Therefore, it can be tricky to identify these problems sometimes, at least without data. Addressing this shortcoming often rewards more reduced costs for Residual waste and reduced environmental impact.

Sorting area

Often we see that Recycling room is small in size. In order to avoid situations of under-capacity, waste has to be collected very often. This forces unnecessary heavy traffic into the residential environment, as well as often being charged by the waste management companies for high frequency collection.

Avoiding this requires an understanding of waste management at the drawing board, so that environmental spaces are given the space they need. Other reactive solutions would be to move certain fractions outside the environmental rooms, into drum cabinets or Underground container. Emergency solutions that make waste management more difficult for residents - a road they do not want to travel.

Sorting level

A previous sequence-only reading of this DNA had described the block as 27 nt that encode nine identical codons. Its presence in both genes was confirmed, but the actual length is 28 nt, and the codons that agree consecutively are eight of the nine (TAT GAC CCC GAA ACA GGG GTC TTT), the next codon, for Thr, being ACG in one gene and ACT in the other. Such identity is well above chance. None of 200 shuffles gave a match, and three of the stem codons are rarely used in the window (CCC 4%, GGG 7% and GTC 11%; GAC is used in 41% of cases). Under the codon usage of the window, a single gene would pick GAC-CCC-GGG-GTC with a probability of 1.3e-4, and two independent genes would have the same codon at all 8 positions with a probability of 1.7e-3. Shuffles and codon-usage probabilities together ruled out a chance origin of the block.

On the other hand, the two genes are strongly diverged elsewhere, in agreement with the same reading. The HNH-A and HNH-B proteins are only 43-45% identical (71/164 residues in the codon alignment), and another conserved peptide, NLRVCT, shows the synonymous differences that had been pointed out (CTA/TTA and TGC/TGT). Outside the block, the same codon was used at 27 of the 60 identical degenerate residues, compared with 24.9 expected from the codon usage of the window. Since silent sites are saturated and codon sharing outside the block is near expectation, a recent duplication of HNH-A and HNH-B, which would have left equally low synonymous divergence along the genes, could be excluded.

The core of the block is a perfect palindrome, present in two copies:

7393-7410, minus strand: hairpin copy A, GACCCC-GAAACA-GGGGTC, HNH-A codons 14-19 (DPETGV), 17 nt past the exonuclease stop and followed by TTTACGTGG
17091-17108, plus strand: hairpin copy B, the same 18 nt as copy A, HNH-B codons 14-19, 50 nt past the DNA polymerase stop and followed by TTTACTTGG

Furthermore, it can be discussed whether a collection point should be sized according to the current sorting rate or according to a desired sorting rate. Many Recycling room are equipped with bins to correspond to a rather sad sorting, but it matches the current situation. Is this right or wrong?

So was Guran right?

If we assume that a Recycling room should have either under- or over-capacity to be considered as wrong-sized. That is, at least one of the top two situations is met.

Then we see that more than 90% of our Recycling room are wrongly dimensioned today. Using data collection, we can thus find wrong sizing in almost all Recycling room we analyse.

Given the developments we see in the packaging industry, where the collection of paper and plastic packaging has increased by about one hundred percent over the last decade, it is clear that it is mainly a question of timing. Perhaps these Recycling room were correctly sized once upon a time, but not anymore.

At the rate of change we are seeing today, anything that is right now is likely to be wrong in 5 years.

So Guran, you were right a few years ago, but: